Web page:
Airbnb packing in visitors for Trump inauguration weekend

The home-rental service sees a surge of 15,100 guests planning to stay in the nation's capital next week for the presidential inauguration and Women's March on Washington.

Dara Kerr
Dara Kerr Former senior reporter
Dara Kerr was a senior reporter for CNET covering the on-demand economy and tech culture. She grew up in Colorado, went to school in New York City and can never remember how to pronounce gif.
3 min read

The number of Airbnb guests for this year's presidential inauguration is more than 75 times the number booked during the 2009 inauguration, when Airbnb was just a 1-year-old company.


Big events bring in lots of spectators and the US presidential inauguration is no different.

Tens of thousands of travelers are expected to descend on Washington, DC, next week to see Donald Trump get sworn into office on January 20 or to attend the Women's March on Washington on January 21. Many of these people are opting to stay in Airbnb rentals.

The home-rental company says more than 15,100 people will be staying in more than 5,200 houses, apartments and rooms booked thus far through its service in the DC area between January 19 and 21. That's an increase of 235 percent from the previous week.

"Inauguration Day 2017 itself will be the biggest single night ever for Airbnb and the District of Columbia," Airbnb wrote in a report released Friday.

Airbnb is a home rental marketplace, founded in 2008, that's gone from catering to couch surfers in San Francisco to having a massive online presence. It now has more than 2 million listings with hosts in more than 34,000 cities in nearly every country worldwide. With this expansion the company has managed to not only compete with hotels, but even out-do them in some areas.

Venture-backed Airbnb is valued at $30 billion, which is almost $7 billion more than publicly traded hospitality chain Hilton Worldwide and $23 billion more than Hyatt, according to global travel site Skift.

But hotels in the DC area are also doing well during inauguration week. Like Airbnb, they're packed and prices are up. People can expect to pay anywhere from $335 to $12,000 per night, according to The Los Angeles Times.

Airbnb prices have also risen. A glance at available bookings on the service showed prices at an average of $699 per night during inauguration week. But the company says 90 percent of hosts who already filled their rooms didn't raise their prices much. The typical price increase for a booked listing is roughly $30 per night during inauguration week, the company says, and the median price for a place in Washington, DC, is $129 per night. The prices get lower for nearby Virginia and Maryland.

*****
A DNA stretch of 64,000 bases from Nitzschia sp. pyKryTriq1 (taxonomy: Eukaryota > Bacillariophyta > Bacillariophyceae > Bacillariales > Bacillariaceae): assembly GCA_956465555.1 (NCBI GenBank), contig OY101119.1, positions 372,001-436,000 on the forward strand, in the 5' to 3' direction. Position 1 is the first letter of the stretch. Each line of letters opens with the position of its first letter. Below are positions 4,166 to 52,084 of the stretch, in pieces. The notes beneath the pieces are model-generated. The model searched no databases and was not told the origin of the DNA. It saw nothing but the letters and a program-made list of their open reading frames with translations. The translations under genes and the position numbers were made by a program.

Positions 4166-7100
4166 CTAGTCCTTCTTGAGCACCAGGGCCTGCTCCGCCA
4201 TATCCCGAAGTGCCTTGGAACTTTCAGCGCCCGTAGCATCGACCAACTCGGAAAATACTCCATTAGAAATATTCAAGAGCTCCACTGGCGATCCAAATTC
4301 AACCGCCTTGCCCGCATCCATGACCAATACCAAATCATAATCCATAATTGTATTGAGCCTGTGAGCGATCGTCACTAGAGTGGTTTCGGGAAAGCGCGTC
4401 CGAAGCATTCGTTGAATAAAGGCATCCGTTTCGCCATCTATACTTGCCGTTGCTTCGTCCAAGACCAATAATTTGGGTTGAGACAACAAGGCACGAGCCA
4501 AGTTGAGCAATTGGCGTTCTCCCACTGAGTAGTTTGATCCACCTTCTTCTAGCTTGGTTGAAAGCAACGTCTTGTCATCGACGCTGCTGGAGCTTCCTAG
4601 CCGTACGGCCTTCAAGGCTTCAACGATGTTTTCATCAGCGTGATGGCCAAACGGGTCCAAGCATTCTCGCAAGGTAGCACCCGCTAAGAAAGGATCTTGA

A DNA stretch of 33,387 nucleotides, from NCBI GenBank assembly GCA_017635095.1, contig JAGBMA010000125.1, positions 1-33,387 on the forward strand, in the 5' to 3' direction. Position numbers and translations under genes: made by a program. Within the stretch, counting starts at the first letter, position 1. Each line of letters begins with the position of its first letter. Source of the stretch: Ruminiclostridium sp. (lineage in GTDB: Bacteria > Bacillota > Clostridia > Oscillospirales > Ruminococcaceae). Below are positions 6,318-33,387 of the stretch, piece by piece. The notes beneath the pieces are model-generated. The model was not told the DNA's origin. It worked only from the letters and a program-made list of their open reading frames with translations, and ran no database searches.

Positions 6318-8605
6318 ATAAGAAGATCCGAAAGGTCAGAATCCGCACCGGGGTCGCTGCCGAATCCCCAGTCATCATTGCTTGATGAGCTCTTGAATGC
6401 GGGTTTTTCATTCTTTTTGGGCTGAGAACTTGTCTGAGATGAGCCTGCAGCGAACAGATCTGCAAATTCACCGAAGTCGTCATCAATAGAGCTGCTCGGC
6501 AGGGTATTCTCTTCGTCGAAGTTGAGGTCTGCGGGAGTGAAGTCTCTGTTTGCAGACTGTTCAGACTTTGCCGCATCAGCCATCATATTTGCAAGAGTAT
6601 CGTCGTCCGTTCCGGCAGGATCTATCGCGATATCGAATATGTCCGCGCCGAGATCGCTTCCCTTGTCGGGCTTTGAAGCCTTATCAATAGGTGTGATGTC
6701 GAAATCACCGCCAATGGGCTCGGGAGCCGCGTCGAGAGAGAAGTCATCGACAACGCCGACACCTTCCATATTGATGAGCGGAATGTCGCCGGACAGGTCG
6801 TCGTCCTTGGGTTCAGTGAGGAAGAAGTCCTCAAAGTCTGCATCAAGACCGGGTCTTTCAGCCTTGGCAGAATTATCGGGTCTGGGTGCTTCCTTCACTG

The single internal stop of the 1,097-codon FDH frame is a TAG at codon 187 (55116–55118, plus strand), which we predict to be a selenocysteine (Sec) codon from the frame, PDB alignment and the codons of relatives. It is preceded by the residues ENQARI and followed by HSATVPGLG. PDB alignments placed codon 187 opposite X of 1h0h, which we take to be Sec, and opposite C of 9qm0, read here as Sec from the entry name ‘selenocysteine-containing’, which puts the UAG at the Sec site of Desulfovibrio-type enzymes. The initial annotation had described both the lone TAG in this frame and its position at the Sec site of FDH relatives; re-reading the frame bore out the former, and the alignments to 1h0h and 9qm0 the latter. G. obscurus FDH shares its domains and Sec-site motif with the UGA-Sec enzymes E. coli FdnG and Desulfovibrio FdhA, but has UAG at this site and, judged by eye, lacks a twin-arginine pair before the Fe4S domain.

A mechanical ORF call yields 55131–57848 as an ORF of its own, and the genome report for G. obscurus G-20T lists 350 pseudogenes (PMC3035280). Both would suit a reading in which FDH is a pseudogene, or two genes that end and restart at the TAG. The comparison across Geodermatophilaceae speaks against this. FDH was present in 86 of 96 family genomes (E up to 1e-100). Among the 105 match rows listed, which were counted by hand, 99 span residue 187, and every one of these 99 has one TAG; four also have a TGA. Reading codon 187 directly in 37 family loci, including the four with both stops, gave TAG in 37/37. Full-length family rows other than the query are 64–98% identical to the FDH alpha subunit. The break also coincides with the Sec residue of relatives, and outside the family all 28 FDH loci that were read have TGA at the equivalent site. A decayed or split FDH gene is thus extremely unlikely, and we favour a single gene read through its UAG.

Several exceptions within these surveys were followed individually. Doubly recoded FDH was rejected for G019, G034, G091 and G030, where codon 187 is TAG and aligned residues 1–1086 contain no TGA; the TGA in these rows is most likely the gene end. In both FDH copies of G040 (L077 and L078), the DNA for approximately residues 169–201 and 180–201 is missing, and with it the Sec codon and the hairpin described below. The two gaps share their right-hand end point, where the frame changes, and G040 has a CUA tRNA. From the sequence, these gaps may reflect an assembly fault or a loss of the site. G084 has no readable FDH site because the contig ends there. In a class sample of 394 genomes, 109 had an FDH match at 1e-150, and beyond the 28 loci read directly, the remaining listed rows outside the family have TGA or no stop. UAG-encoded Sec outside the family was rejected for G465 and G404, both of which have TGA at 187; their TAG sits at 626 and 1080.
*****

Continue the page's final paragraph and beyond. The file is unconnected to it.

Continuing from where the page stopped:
Airbnb says guests traveling to DC for inauguration week are coming from all over the country. The Top 10 cities of origin for guests are New York, Los Angeles, San Francisco, Chicago, Seattle, Boston, Portland, Philadelphia, Oakland and Atlanta.

The number of Airbnb guests for this year's inauguration is more than 11 times the number of guests booked in 2013 and more than 75 times of those booked in 2009. Of course, Airbnb was still a fledgling company in 2009. During that first inauguration of President Barack Obama, people turned to the online yellow pages site Craigslist, which skyrocketed with more than 500 listings, according to The Washington Post.

Airbnb has seen an influx of guests for other major events over the past year. During the 2016 Democratic and Republican National Conventions, the service said it had 5,200 and 1,900 guests, respectively. Airbnb also saw similar trends during Super Bowl 50 in the San Francisco Bay Area last year and the 2016 Summer Olympics in Rio de Janeiro, Brazil.

One DC Airbnb host, Jade Moore, expects to have guests from all over the US next week, including Texas, North Carolina and Indiana. Some guests will be watching Trump get inaugurated, while she'll protest with others at the Women's March on Washington. She doesn't mind that she may not see eye-to-eye with all of them on political issues.

"I'm actually looking forward to having a house full of diverse company, and breaking bread with the guests in my kitchen," Moore said.

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